As I got older, she would instruct me on the proper sequence of ironing a man’s shirt. Oftentimes, she would use starch, but keep in mind these were the days before spray starches. So, she would mix up some concoction that she sprinkled generously on the item to be stiffened, let it sit damply for a bit, and then press it meticulously into place.
I admit that I have these ironing skills. I will also admit that I can’t recall the last time I ever ironed anything. Dry cleaners have taken care of that.
Added to my memory boxes is a collection of perhaps a bygone era.
Another domestic ritual that I inherited from my mother—and no doubt legions of wives and mothers before her—is the practice of cutting off buttons, particularly the tiny, white variety found on many dress shirts. When the shirts had been washed and ironed so many times, the fabric would grow thin, and they would be headed to the rag pile. But not before all the buttons had been cut off and saved, usually in repurposed Gerber baby food jars.
Over the years, these jars of buttons grew. There were rare occasions when one of these orphaned buttons would be needed, but, in the meantime, drawers and sewing baskets were ripe with jars and jars of small buttons.
When my kids were young, I found myself doing the same thing—saving buttons from going down with a tossed garment and amassing a collection of “extra buttons.” I’m confident that many of you have these. And I’m fairly confident that, like life or auto insurance, you hesitate to get rid of them for fear that you may actually need to replace a lost button from a coat, a tiny baggie of sequins from a glittering dress, covered buttons to a jacket, sweater buttons or slack buttons—and the list goes on, as does your collection of “extra buttons.”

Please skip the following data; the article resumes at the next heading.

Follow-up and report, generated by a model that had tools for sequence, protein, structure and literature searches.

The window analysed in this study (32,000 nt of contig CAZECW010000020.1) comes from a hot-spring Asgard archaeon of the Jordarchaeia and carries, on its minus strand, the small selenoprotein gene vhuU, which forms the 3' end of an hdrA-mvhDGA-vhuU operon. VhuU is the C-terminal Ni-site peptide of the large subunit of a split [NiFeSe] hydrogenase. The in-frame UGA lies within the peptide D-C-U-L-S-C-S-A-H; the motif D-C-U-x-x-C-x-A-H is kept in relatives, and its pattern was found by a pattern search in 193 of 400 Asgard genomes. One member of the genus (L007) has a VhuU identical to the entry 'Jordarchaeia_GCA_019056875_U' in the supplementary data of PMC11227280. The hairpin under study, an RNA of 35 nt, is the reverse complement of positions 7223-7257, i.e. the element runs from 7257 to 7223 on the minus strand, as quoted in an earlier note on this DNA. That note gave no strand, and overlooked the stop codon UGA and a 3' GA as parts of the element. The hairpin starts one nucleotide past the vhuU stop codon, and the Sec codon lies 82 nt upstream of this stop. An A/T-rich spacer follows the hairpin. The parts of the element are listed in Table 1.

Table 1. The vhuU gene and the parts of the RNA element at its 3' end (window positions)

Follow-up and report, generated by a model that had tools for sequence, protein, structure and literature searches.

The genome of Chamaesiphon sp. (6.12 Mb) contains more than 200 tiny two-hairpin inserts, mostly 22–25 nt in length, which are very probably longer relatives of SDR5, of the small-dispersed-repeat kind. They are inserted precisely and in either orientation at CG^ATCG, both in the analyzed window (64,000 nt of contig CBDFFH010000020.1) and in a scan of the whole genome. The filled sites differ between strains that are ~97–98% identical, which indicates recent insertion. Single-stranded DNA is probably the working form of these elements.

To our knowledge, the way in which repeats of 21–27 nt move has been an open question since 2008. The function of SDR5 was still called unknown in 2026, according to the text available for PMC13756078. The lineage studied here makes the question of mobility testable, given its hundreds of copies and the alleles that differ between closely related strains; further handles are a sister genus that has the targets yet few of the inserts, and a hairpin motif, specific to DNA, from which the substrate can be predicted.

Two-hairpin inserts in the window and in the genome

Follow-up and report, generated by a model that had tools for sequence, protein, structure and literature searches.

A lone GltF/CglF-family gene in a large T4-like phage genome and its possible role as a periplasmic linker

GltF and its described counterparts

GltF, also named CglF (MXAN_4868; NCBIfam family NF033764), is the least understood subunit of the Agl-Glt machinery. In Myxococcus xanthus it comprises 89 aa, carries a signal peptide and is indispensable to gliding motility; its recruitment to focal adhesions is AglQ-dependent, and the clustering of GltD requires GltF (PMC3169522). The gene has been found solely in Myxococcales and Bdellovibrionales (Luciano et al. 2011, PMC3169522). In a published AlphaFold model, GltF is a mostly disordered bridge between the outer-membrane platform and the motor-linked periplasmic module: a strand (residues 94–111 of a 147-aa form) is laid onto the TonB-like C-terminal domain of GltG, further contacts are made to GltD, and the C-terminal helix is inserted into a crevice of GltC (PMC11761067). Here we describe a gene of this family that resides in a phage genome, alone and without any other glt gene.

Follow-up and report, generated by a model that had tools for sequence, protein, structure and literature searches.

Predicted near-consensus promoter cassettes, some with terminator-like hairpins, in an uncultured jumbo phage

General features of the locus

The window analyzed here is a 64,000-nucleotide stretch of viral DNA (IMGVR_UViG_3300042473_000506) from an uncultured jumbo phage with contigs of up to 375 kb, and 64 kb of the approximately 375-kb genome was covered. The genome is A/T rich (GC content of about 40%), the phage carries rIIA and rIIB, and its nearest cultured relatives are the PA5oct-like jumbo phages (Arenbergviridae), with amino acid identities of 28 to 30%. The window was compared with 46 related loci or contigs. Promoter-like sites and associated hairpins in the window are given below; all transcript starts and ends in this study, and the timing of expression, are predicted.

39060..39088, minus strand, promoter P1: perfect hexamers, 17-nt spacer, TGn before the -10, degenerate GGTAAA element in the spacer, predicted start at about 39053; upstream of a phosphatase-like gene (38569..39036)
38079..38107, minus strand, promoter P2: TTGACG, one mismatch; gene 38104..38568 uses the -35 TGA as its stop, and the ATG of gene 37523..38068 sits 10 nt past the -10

I have boxes of them. I came upon one of them the other day, and after a quick glance through, I realized that some of those “extra buttons” were to garments that I haven’t worn or had for years. That’s how sick this button obsession can become.
A couple of times when my children were toddlers, they discovered this treasure trove of buttons and found great delight in spreading them across the kitchen floor, like so many stars in the heavens. Rather than sweeping them up, I picked them all up and replaced them in their respective jars and boxes.
Many of these buttons I still have, but the saving grace has been finding two perfectly matched ones to become the eyes of a teddy bear or a string of matched ones for the smile of a puppet. Those occasions have made this collection invaluable.
As far as ironing, it’s just too hot.
And those anniversary cards? I’ve taken to framing them in shadow boxes.
Anita L. Sherman is an award-winning journalist who has more than 20 years of experience as a writer/editor for local papers and regional publications in Virginia. She now works as a freelance writer and is working on her first novel. She’s the mother of three grown children and grandmother to four and resides in Warrenton, Va. Reach her at email@example.com